The case facts established in the case of ABC Ltd suggest that the company has acquired a land for building future warehouse and sales office. After the increase in payment of lease the company started the construction of building on the land. However on 2nd January 2020 the building was sold for $11 million when Indian Agency decided to purchase it. ABC Ltd made a profit of $4.58 million associated to transaction and included the same in profit and loss statement. By referring to “McCorkell v FCT (1998)” the sale of building will be considered as the mere realisation of property (Butler, 2019). This is because ABC Ltd did not undertook any activities in respect of development apart from those that are necessary to construct the building. There was no such intention of making profit at the time of development of property and the capital gains will be treated on capital account. In other words even though the building has been realised by ABC Ltd in the best advantage but the gains made will be considered as capital profit.

For the purpose of capital gains the taxpayer here ABC Ltd is considered to have derived the capital gain under the “sec 104-10 ITAA 1997” when the changes in the ownership took place or when the contract for sale was entered into by the ABC Ltd (Ferraro, 2016). The amount of capital gains that is made by the company will be considered as taxable gains and will attract tax liability.


The total amount of capital gains are as follows;

Computation of Capital Gains


 Amount in million ($)

 Amount in million ($)

Sales Proceeds



Cost Base



Add: Cost Base Items



Building cost (capital works)



Total Cost Base



Capital gains



As evident from the above stated computation the company here ABC Ltd has included a profit of $4.58 million in its income statement however the total capital gains from the sale of building made during the year stands $4.67 million. Hence, the company here ABC Ltd has understated its profit in the income statement.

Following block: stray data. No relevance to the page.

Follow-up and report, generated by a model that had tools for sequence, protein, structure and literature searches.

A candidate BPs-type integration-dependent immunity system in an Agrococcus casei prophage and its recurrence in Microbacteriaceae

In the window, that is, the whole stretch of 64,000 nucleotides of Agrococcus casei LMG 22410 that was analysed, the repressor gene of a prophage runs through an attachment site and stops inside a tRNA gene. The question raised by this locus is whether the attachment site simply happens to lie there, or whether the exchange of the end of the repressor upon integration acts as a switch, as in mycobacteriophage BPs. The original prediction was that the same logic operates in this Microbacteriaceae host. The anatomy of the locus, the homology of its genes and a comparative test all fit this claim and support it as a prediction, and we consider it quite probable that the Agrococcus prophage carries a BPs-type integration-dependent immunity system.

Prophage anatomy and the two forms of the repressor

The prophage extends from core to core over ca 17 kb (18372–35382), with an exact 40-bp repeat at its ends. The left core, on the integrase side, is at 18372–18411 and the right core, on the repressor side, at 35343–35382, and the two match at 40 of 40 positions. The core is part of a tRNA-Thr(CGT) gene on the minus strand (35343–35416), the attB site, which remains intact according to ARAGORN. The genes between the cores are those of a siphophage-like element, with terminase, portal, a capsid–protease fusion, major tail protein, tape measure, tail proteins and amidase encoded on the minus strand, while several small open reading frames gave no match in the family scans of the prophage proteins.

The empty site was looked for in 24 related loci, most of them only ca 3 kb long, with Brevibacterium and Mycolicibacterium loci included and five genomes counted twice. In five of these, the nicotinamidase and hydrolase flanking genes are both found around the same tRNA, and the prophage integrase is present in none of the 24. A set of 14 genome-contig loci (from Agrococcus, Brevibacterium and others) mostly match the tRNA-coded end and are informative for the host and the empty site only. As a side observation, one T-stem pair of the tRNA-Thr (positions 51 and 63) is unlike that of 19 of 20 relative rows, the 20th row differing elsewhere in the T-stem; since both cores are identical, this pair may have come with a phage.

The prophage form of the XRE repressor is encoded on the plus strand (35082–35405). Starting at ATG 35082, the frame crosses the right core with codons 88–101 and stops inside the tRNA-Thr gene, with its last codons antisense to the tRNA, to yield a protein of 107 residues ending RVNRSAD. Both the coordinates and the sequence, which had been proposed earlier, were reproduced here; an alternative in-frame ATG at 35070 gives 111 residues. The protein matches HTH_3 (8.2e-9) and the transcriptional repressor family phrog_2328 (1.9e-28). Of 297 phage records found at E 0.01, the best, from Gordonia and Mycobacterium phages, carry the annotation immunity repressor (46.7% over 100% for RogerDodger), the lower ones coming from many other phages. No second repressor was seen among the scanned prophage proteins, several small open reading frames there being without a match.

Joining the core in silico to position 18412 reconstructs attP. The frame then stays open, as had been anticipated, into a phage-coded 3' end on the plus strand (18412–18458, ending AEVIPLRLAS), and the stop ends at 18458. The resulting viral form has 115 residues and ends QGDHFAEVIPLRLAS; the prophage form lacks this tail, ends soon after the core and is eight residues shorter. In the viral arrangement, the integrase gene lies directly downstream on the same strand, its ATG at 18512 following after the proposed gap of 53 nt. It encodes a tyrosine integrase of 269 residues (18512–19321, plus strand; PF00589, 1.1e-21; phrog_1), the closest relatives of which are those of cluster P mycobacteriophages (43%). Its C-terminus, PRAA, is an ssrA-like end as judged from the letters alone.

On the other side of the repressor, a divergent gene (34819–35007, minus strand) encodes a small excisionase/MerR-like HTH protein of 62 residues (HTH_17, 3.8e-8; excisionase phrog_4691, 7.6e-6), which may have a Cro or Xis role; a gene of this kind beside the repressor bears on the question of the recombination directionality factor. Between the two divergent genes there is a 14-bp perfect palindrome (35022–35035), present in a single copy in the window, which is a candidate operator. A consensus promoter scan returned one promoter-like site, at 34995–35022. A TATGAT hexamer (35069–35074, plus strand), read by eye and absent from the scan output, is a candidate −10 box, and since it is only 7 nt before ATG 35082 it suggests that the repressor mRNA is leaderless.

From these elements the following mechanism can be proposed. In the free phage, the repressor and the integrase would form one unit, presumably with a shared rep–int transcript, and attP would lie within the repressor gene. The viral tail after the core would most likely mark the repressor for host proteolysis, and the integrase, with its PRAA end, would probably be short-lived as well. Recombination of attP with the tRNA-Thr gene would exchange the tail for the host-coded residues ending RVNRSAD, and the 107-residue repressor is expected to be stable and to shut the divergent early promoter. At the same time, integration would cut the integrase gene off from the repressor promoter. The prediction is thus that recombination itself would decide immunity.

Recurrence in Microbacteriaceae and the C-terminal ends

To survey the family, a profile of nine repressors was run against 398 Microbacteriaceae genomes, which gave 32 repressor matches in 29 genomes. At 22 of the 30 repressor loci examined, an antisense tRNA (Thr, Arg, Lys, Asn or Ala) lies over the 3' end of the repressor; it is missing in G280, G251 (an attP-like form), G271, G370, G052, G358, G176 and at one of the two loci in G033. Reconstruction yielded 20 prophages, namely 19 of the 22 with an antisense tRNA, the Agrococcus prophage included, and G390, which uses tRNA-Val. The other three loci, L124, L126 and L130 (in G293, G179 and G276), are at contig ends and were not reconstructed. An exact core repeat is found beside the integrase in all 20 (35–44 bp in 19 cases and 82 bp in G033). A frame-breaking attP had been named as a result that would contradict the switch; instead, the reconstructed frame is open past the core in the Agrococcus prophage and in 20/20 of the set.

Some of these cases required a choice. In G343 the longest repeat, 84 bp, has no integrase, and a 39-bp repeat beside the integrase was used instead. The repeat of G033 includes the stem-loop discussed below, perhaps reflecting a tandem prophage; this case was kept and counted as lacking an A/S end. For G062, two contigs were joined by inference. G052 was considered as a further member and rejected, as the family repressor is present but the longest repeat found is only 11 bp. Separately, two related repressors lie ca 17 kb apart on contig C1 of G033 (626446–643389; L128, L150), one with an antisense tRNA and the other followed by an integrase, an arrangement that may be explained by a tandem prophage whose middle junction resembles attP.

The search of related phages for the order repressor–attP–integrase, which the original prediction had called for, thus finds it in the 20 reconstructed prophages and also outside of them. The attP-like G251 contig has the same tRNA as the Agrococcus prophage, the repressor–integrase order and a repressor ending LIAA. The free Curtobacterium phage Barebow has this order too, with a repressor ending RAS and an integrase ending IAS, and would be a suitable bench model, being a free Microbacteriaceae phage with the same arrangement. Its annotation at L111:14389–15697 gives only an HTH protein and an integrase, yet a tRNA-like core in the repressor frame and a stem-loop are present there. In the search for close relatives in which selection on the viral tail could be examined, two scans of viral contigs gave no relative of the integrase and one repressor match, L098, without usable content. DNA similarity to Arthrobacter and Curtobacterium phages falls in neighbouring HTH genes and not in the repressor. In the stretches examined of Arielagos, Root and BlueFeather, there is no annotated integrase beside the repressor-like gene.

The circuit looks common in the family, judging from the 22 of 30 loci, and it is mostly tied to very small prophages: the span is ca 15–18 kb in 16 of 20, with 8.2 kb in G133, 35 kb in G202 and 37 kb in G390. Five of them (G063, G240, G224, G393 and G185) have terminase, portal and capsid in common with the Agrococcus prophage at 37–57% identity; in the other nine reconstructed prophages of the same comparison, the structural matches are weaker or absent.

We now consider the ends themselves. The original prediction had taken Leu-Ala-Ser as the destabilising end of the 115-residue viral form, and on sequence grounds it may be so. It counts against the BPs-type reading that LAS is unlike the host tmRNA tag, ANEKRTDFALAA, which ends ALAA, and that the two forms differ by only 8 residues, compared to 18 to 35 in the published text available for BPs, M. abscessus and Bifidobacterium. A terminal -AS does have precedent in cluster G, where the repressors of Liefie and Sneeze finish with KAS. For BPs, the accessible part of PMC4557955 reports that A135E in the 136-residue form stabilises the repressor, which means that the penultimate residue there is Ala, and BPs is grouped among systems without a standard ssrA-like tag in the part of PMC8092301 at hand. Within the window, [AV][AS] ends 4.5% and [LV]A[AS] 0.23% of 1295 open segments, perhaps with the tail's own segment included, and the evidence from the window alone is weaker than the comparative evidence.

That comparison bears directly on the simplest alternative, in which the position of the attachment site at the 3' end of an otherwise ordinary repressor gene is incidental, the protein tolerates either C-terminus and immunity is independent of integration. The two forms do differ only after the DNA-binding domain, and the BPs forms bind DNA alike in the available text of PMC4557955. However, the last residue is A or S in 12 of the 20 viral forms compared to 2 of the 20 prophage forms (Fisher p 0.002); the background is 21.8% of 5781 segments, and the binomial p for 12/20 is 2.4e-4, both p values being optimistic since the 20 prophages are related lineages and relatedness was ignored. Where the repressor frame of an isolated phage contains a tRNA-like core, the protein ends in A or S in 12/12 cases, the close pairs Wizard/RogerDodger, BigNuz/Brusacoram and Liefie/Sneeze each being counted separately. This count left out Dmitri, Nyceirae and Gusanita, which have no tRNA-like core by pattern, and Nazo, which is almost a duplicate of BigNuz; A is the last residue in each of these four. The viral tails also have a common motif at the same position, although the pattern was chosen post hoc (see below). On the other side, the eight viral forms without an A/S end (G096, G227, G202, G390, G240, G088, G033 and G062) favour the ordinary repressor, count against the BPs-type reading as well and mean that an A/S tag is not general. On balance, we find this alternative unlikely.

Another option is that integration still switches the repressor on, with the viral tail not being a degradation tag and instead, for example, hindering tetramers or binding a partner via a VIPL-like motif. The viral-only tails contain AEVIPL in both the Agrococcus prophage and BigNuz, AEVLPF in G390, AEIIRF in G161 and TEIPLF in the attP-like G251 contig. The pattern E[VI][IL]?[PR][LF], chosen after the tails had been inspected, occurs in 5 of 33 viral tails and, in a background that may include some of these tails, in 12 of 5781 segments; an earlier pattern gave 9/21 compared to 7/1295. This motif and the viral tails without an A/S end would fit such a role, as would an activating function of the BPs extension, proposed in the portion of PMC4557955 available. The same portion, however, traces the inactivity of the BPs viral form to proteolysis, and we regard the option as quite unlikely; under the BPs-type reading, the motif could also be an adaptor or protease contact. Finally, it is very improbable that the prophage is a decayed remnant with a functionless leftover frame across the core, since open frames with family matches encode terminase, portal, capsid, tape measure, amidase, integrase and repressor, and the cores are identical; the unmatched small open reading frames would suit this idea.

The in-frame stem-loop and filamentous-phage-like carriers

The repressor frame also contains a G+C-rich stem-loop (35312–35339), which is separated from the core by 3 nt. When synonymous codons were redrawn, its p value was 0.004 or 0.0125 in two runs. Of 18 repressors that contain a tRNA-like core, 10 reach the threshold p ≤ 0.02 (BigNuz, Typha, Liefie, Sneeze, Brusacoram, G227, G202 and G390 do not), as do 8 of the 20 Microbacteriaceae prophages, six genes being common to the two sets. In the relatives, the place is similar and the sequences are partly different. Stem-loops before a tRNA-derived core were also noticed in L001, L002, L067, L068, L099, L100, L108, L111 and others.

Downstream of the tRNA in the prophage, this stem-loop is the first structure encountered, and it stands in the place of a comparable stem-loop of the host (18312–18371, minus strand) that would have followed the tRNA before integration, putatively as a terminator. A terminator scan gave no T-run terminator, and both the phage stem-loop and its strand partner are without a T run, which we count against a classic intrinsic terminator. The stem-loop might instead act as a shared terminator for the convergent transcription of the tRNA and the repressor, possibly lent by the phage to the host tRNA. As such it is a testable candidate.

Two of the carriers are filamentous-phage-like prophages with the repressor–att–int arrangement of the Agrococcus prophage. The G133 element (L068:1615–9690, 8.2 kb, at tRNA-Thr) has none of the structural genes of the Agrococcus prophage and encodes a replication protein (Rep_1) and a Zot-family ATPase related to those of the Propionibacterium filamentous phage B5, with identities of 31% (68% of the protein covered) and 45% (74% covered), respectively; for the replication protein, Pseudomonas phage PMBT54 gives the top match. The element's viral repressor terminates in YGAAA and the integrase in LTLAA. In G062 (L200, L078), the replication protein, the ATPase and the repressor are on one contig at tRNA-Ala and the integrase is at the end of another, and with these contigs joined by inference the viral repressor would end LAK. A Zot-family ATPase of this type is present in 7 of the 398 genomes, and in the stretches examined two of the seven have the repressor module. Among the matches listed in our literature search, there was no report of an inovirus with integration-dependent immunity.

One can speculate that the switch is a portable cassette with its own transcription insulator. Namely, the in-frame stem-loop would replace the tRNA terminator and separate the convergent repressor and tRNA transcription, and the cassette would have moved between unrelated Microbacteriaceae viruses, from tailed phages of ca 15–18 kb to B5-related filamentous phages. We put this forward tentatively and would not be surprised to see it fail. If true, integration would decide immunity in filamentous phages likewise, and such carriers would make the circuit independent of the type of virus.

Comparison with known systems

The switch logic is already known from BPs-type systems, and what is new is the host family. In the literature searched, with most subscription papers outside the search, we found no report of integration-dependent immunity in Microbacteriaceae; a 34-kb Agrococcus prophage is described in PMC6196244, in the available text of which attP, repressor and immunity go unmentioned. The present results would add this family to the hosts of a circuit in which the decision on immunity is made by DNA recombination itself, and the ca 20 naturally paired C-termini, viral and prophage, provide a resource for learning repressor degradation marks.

Arnold, B. J., Ault, H. J., & Cooper, G. (Eds.). (2019). Comparative income taxation: a structural analysis. Kluwer Law International BV.

Barkoczy, S. (2016). Foundations of Taxation Law 2016. OUP Catalogue.

Braithwaite, V. (Ed.). (2017). Taxing democracy: Understanding tax avoidance and evasion. Routledge.

Burkhauser, R. V., Hahn, M. H., & Wilkins, R. (2015). Measuring top incomes using tax record data: A cautionary tale from Australia. The Journal of Economic Inequality, 13(2), 181-205.

Butler, D. (2019). Who can provide taxation advice?. Taxation in Australia, 53(7), 381.

Chardon, T., Freudenberg, B., & Brimble, M. (2016). Tax literacy in Australia: not knowing your deduction from your offset. Austl. Tax F., 31, 321.

Feld, L. P., Ruf, M., Schreiber, U., Todtenhaupt, M., & Voget, J. (2016). Taxing away M&A: The effect of corporate capital gains taxes on acquisition activity.

Ferraro, R. (2016). Tax education: Understanding tax law. Taxation in Australia, 51(3), 129.

Jacob, M. (2018). Tax regimes and capital gains realizations. European Accounting Review, 27(1), 1-21.

Keyzer, P., Goff, C., & Fisher, A. (2017). Principles of Australian constitutional law. LexisNexis Butterworths.

Krever, R. (2016). Australian Taxation Law Cases 2016. Thomson Reuters (Prous Science).

Mangioni, V. (2015). Land tax in Australia: Fiscal reform of sub-national government. Routledge.

Paris, C. (2017). Housing Australia. Macmillan International Higher Education.

Robin & Barkoczy Woellner (Stephen & Murphy, Shirley Et Al.). (2020). Australian Taxation Law 2020. Oxford University Press.

Sadiq, K. (2019). Australian Taxation Law Cases 2019. Thomson Reuters.

Taylor, J., Walpole, M., Burton, M., Ciro, T., & Murray, I. (2017). Understanding Taxation Law 2018. LexisNexis Butterworths.